Weekly injections of beta interferon are found to protect people with early stages of multiple sclerosis from loss of brain tissue.
Researchers followed up on a previous study which showed that beta interferon injections delayed the progression of symptoms among people with early evidence of MS and found people who have the shots lose less brain tissue. People who received the active medication had their brain tissue decline on average by 1.18 percent over two years. Those who received a placebo lost 1.68 percent of brain tissue over the same period. Researchers measured brain loss through magnetic resonance imaging (MRI).
People on the active medication were also less likely to convert to full-blown MS. About a third of those receiving beta interferon developed definite disease, compared to about half of those on the placebo.The study involved 131 patients who received the beta interferon injections and 132 who received placebo injections.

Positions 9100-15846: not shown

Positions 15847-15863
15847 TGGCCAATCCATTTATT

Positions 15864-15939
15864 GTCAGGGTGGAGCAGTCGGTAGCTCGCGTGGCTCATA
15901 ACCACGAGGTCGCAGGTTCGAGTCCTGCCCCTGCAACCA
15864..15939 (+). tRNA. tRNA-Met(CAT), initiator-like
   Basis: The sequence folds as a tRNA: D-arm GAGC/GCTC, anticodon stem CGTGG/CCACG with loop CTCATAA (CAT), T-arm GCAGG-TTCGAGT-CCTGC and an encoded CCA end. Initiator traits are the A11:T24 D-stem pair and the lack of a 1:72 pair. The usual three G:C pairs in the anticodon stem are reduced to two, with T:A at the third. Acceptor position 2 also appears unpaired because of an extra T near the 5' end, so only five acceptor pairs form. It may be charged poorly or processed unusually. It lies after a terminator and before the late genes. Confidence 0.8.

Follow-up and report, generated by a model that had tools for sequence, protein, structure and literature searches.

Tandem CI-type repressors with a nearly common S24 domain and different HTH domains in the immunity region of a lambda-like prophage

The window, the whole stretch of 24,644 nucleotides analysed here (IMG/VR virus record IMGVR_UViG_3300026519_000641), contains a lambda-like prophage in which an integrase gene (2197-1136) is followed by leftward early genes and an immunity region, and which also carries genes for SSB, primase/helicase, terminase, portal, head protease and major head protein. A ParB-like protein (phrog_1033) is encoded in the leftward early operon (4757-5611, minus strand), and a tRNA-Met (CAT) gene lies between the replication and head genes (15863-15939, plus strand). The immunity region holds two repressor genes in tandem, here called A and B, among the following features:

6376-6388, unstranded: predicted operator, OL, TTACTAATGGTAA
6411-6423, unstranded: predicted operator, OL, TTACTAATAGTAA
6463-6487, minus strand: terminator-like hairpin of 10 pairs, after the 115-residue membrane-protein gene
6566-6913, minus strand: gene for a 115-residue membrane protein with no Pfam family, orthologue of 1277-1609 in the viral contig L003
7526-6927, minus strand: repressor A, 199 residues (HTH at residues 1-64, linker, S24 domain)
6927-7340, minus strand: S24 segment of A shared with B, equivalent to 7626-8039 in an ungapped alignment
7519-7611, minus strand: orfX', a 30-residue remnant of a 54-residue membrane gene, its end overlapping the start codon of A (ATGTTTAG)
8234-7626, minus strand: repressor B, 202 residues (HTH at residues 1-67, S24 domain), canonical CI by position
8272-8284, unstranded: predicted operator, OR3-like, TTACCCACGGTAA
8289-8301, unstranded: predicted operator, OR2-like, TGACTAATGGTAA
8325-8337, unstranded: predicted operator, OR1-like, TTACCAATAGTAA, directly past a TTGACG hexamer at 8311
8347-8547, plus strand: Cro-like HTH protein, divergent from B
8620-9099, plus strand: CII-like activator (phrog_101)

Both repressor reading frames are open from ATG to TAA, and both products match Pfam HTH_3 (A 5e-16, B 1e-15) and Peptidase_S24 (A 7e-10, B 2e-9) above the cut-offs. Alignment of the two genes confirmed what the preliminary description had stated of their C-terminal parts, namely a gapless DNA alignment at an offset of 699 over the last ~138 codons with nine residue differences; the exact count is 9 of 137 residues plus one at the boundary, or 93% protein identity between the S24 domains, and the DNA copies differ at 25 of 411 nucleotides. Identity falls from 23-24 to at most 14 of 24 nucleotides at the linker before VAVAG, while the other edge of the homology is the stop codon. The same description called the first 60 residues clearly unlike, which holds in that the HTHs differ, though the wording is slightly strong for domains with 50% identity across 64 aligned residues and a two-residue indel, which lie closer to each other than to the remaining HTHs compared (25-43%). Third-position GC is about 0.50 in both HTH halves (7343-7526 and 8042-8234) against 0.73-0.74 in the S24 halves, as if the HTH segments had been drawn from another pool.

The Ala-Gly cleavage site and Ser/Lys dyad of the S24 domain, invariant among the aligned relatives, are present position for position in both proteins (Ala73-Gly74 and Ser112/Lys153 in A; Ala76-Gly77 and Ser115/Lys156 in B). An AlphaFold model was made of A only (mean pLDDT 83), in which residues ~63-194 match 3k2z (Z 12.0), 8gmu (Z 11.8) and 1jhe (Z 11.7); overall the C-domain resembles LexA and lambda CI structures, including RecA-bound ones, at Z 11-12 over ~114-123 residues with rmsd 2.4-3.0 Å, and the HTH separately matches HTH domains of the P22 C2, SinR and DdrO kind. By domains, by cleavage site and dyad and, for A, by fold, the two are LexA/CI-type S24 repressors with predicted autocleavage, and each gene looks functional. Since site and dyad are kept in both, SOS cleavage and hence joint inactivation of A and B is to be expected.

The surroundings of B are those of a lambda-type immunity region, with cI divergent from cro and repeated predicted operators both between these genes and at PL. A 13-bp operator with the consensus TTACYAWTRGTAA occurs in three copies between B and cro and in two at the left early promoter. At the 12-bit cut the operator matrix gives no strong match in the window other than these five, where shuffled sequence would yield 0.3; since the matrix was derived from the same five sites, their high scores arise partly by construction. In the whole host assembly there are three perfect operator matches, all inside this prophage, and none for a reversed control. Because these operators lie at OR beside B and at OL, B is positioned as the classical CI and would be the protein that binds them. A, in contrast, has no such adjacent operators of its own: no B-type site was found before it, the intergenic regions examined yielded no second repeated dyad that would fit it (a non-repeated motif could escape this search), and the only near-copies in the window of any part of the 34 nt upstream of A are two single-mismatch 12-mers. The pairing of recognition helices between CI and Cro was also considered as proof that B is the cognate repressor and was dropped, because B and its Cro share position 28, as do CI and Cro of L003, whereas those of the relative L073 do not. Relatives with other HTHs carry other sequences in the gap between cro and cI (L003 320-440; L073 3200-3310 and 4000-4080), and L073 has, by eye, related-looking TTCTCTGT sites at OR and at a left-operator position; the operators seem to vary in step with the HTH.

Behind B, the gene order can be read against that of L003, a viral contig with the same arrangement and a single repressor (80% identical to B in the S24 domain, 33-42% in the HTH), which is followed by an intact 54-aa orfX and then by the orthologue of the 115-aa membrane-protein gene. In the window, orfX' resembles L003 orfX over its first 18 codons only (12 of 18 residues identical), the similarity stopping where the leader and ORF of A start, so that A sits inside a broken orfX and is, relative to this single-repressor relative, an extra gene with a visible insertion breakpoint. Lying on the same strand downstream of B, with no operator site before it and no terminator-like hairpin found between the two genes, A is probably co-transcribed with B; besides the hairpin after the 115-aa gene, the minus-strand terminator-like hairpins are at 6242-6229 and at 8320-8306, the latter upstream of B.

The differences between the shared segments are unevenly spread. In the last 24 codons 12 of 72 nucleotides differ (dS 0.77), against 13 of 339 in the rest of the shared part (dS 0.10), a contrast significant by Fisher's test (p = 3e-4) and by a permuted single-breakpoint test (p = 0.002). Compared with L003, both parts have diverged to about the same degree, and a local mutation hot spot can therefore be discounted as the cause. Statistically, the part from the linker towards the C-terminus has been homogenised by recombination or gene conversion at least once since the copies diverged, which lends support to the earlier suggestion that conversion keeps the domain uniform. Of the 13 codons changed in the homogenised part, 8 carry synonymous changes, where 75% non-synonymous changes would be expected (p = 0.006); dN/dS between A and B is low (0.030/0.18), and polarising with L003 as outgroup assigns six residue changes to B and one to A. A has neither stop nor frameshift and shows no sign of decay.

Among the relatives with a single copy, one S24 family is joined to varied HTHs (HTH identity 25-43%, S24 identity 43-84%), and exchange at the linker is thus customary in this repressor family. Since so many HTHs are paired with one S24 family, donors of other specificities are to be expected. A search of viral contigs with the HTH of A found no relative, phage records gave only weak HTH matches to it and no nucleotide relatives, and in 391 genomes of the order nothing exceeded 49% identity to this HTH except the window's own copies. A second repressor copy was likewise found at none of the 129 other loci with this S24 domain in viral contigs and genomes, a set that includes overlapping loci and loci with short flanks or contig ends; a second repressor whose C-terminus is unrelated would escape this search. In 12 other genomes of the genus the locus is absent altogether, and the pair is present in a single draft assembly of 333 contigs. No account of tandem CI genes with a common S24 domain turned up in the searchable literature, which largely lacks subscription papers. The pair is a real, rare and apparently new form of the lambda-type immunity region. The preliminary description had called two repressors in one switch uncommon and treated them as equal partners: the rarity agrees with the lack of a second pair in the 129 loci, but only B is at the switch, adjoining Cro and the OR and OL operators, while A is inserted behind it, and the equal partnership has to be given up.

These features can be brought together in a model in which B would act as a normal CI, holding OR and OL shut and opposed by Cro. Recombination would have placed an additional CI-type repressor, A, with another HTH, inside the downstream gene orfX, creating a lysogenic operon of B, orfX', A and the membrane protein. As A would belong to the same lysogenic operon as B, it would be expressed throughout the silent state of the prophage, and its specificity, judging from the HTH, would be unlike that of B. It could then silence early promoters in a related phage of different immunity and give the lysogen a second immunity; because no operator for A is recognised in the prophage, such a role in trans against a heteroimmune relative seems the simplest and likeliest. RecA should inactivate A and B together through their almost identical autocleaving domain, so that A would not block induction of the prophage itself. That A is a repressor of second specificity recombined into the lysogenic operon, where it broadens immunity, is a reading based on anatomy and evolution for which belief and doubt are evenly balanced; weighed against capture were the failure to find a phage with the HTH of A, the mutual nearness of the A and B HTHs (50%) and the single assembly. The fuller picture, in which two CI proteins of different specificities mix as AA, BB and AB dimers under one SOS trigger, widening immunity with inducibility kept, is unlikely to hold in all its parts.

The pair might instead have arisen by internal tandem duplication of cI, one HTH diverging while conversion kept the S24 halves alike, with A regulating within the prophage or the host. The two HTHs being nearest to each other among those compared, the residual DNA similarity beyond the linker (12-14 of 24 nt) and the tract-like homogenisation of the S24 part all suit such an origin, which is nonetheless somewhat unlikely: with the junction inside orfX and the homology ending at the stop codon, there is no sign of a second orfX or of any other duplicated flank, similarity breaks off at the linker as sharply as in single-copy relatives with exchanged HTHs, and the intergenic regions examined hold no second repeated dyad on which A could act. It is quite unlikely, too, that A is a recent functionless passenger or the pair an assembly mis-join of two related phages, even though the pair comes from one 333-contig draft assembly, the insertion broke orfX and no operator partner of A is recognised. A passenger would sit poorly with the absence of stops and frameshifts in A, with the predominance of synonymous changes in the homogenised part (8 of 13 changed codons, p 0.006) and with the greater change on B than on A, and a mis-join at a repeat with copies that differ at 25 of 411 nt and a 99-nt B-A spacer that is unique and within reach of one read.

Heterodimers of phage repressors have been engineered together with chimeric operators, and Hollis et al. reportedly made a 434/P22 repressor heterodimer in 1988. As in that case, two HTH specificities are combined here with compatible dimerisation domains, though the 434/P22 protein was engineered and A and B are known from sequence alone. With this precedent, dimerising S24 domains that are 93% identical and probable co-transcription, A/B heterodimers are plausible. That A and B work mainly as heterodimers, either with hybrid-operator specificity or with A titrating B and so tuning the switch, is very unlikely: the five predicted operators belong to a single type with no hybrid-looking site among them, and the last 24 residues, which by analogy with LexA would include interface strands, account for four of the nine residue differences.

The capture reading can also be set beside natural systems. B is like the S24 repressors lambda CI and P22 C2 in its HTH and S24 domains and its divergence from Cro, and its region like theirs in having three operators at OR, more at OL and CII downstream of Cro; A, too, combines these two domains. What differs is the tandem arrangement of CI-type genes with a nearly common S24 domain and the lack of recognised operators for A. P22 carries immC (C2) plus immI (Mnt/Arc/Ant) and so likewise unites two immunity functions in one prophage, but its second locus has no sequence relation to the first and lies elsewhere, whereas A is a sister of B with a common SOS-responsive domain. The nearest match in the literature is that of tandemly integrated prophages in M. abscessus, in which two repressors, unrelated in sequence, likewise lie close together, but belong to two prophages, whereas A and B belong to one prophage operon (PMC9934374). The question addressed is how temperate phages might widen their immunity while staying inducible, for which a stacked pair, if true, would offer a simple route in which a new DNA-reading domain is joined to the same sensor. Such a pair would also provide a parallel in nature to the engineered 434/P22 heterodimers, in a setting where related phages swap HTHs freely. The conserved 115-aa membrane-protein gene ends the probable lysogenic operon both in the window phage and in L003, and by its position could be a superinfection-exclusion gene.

However specialists say more study is needed to determine whether beta interferon or other treatments really have a beneficial effect on brain tissue in MS and they feel that future studies should include brain atrophy as an outcome measure in future trials of potential disease-modifying treatments.